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QLT spent $63-million over the three years on its tear duct plug, an amount industry observers said appeared excessive. (JOHN LEHMANN/THE GLOBE AND MAIL)
QLT spent $63-million over the three years on its tear duct plug, an amount industry observers said appeared excessive. (JOHN LEHMANN/THE GLOBE AND MAIL)

BIOTECHNOLOGY

QLT and Cardiome both wield the axe Add to ...

Two of Vancouver’s best-known drug developers, QLT Inc. and Cardiome Pharma Corp., have gutted their employee ranks, offering a painful reminder about the extreme risks faced by emerging biotech companies.

On Monday, Cardiome, which parted ways with chief executive officer Doug Janzen last week, said it would cut its employee count by 85 per cent. The company had already sharply reduced its employee count this year, to 54 people in March from 92 at the end of 2011.

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The latest cut was expected after Cardiome’s partner, pharmaceutical giant Merck & Co. Inc., said in March it would stop efforts to commercialize Cardiome’s oral treatment for irregular heartbeat. Philippa Flint, a biotech analyst with Bloom Burton & Co. in Toronto, said regulators had asked for additional clinical tests on the drug’s safety, and “It may have been that Merck didn’t want to spend that money” for the expected return.

Meanwhile, the new board of directors of eye disease drug developer QLT said in a letter to shareholders Monday it would cut 68 per cent of the firm’s 214 positions and divest its program to develop a tiny plug that could be inserted into the tear ducts of patients with eye diseases to release drugs over an extended period. The board, elected last month following a coup by activist investor NB Public Equity Komplementar ApS of Denmark, also sacked much of the firm’s senior management, including chief executive officer Robert Butchofsky.

The moves follow expensive, multiyear investments by the two firms in the two treatments that are no longer part of their future. Cardiome spent more than $120-million in research and development over the past eight years on the treatment that Merck has abandoned, while QLT spent $63-million in the past three years on its tear duct plug, an amount industry observers said appeared to be excessive given that the product was still in the relatively early stages of development.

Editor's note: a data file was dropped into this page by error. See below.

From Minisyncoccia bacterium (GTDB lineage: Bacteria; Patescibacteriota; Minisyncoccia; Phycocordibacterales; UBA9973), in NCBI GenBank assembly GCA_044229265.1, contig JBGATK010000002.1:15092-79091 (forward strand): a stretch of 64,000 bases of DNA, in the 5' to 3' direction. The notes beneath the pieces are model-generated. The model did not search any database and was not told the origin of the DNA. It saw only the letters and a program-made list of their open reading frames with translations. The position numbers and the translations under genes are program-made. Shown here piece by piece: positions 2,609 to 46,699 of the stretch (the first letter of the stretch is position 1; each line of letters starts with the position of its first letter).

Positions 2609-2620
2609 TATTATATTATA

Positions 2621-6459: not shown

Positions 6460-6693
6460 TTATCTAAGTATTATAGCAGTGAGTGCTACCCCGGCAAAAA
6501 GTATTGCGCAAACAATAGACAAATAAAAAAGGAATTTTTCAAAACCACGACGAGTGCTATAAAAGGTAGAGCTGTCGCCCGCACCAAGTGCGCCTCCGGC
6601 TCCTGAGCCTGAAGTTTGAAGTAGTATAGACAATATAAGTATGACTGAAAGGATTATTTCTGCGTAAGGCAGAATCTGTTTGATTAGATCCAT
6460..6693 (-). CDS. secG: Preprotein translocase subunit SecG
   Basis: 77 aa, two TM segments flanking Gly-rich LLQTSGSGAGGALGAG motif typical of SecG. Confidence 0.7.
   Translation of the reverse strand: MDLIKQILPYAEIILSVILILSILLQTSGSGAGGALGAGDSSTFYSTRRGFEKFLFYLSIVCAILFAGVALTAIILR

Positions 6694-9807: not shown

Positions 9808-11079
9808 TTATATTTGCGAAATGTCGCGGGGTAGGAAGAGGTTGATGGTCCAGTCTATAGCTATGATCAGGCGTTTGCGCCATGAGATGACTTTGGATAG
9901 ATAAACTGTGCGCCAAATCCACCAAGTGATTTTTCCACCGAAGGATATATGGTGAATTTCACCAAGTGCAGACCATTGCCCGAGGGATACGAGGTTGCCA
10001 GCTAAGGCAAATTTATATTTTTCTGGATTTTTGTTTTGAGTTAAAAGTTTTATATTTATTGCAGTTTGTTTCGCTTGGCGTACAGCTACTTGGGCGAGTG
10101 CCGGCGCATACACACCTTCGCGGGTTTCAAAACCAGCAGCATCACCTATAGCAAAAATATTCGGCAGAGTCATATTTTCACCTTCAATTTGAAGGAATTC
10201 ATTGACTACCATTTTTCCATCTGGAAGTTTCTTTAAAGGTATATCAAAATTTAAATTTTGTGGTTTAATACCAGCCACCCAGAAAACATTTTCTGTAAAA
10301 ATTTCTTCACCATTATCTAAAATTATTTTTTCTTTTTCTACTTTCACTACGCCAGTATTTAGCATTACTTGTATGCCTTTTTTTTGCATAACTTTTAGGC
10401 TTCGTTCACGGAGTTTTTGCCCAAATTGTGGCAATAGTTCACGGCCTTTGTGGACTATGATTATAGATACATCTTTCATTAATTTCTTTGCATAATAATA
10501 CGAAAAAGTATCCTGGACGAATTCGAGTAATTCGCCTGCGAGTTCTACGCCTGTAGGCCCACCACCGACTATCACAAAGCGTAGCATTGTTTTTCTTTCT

QLT said the cuts and divestiture will enable it to save up to $50-million next year and to return $100-million of capital to shareholders “as soon as practicable.”

The news out of Vancouver Monday may be sobering, but it underscores the reality of operating in “the riskiest sector anywhere globally,” said Brian Bloom, president of Bloom Burton, a boutique investment bank that specializes in healthcare.

“QLT and Cardiome are examples of the natural course for most biotech companies,” Mr. Bloom said. “Most do not grow up to be Pfizer and there is not a straight line progression where R&D [research and development] spending turns small pharma companies into big ones. People are trying to cure disease and doing cutting-edge science, but it takes 10 years to develop a product, and a lot can happen in that time.”

The risks include drugs failing during trials, regulators denying approvals or the arrival of more popular or effective treatments. But that hasn’t scared investors away from the sector in Canada. Ms. Flint said the 30 largest drug developers in Canada have outpaced the overall TSX composite index this year, while Mr. Bloom noted several Canadian companies, including YM Biosciences Inc. and Oncolytics Biotech Inc., have successfully completed financings this year.

QLT, which has more than $200-million in cash and earns more than $20-million in revenue annually from its Visudyne treatment, has high hopes for another eye-disease treatment it is developing. “The sector in general is healthy and the strongest companies have been able to find capital,” Mr. Bloom said.

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